Ventotene – For all those interested in building a united Europe, the name Ventotene evokes the European Federalist Manifesto written by Altiero Spinelli and Ernesto Rossi from the confinement to which Mussolini’s fascist regime had condemned them on the island off Naples.
This year marks the 80th anniversary of the writing of the Manifesto, which was clandestinely exfiltrated from Ventotene and published in 1944 by Eugenio Colorni, another opponent to the Duce. To mark the occasion, several pro-European civic associations – including EuropaNow!, ACMOS and Benvenuti in Italia – have organised on 17 July a special edition of the Natalonga for Europe, the sporting event that symbolically links the island of Santo Stefano, where a 18th century prison is located, to the beach of Calanave, in Ventotene. The aim of the event, now in its third year, is to reaffirm the founding values of the Union and claim a Europe based on equal rights.
Seventy swimmers, including some Italian and local champions and Altiero Spinelli's great-grandniece Aria, embarked for Santo Stefano at the end of the morning. They covered the 1,700 metres separating them from the volcanic sandy beach of Calaneve in a mild sea, escorted by volunteers in canoes. They were greeted on arrival by organisers, authorities and tourists.
This year's Natalonga has a special character, as it coincides with the Conference on the Future of Europe, the consultation launched in May to reflect and discuss the European Union of tomorrow. Eric Jozsef, co-founder of EuropaNow!, said that "the dark months of the pandemic have reminded us that Europe is a critical endeavour. However, we still have to fulfil the dream of the founding fathers, overcoming the resistance of the nation states, in order to create a Union that is even stronger and closer to the citizens".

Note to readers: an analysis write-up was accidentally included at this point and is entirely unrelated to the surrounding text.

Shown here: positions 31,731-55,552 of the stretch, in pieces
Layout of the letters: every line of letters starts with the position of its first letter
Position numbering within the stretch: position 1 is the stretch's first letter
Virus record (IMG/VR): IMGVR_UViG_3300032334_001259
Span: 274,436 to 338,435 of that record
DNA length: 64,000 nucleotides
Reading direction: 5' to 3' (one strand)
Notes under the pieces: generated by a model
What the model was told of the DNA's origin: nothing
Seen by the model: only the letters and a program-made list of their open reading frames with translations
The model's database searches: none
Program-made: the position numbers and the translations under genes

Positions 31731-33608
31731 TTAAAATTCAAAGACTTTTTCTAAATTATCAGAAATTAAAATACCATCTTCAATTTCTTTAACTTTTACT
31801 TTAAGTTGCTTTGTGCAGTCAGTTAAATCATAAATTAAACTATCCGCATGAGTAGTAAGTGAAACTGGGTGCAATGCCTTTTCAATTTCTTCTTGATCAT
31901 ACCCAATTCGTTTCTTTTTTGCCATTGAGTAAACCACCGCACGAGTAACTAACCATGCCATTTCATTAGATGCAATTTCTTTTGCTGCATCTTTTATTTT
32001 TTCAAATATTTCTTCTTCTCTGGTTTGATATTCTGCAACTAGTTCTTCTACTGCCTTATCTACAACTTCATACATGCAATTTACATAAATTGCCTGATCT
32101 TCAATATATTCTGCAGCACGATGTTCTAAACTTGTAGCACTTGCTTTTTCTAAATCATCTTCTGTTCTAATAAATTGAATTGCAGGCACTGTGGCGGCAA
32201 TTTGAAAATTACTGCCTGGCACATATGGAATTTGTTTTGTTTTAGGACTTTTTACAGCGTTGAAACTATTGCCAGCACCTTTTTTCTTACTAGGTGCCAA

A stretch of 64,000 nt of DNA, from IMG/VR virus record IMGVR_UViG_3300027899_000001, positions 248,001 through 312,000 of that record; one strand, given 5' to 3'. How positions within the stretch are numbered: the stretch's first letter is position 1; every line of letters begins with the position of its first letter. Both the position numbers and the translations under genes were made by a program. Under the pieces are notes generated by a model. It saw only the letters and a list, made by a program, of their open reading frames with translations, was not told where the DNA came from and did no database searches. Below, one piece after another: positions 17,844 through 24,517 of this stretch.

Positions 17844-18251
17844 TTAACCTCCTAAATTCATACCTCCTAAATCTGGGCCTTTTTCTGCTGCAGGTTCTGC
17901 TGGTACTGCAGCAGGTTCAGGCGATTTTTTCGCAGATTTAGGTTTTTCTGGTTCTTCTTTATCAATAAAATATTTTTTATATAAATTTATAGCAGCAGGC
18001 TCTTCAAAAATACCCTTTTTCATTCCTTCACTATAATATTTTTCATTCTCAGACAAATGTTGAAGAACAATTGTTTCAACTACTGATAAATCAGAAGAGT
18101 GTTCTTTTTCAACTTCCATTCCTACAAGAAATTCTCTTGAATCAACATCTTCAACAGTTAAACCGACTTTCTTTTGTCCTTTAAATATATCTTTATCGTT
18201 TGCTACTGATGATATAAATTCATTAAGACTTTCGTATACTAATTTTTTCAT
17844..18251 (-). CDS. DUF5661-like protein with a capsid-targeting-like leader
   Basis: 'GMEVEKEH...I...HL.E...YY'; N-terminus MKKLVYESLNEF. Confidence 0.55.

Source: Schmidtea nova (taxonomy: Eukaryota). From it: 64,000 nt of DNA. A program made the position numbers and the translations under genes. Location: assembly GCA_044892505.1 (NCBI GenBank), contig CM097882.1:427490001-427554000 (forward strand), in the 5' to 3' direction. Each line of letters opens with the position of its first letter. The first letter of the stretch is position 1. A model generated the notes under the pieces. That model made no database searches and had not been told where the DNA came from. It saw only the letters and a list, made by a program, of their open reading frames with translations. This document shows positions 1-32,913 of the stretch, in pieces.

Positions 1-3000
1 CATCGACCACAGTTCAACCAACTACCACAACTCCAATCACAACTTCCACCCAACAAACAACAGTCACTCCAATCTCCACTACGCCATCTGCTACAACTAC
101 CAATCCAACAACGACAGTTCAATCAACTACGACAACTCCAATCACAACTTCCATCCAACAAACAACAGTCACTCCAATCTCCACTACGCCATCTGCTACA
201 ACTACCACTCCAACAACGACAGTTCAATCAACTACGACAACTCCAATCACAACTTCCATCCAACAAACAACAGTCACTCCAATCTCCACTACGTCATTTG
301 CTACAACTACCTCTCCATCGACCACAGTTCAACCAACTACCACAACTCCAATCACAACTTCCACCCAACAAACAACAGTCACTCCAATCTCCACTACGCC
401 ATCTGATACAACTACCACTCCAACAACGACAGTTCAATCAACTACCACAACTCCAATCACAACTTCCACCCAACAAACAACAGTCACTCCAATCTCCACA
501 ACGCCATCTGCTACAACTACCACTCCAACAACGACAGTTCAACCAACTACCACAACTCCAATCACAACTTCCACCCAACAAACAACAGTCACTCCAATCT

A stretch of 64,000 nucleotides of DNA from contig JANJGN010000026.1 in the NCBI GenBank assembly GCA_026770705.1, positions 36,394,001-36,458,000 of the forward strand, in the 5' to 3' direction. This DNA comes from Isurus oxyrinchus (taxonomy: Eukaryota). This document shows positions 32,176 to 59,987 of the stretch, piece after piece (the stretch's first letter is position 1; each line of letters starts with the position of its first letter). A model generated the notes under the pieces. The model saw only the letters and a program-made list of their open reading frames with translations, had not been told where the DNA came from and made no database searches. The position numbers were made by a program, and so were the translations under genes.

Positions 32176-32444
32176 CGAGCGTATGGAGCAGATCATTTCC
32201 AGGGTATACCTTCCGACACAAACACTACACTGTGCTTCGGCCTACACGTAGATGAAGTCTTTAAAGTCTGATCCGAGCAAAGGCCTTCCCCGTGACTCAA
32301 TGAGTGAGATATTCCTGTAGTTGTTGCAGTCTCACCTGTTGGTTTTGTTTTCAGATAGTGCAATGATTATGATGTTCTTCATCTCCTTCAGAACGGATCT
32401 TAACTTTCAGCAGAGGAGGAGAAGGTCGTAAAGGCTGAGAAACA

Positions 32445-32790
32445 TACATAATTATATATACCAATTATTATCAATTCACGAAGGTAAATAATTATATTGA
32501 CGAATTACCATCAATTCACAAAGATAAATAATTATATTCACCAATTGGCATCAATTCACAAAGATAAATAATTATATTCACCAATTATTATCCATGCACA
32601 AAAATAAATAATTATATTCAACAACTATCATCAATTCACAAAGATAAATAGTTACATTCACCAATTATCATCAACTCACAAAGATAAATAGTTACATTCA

"We need to tell everyone, especially the young, about what happened in the 1900s, who those people exiled to Ventotene were and why they were sent there. Memory is the most important thing, because if we do everything we can to forget what we did, then everything can start again exactly as it was before," said Hungarian-Italian writer Edith Bruck, who won the Strega Youth Prize in 2021 for her novel Il pane perduto (“The Lost Bread”) and was the patroness of the event.
The island has thus been "invaded" over the past few days by the cheerful group of participants, recognisable by their grey T-shirts with the Conference hashtag #CoFoE or that of the #Natalonga.
The Natalonga was also the occasion for the presentation to the public of the EuReCa project -– European Republican Cafés – a network of cafés that will be places of debate on the future of the Union, with the aim of paving the way for a Republic of Europe. In addition to the three associations promoting Natalonga, the project is also led by Voxeurop and our partners European Democracy Lab in Berlin and New Europeans in London.
In the coming months, Voxeurop will organise together with them meetings with readers and citizens to exchange opinions, ideas and proposals on the united, solidarity and democratic Europe that we also hope for. At the end of the event, on Sunday 18th, a hot air balloon – another speciality of the island – was launched into the air in the colours of EuropaNow!, as a wish that the message of the Founding Fathers of the United Europe may travel high and far.
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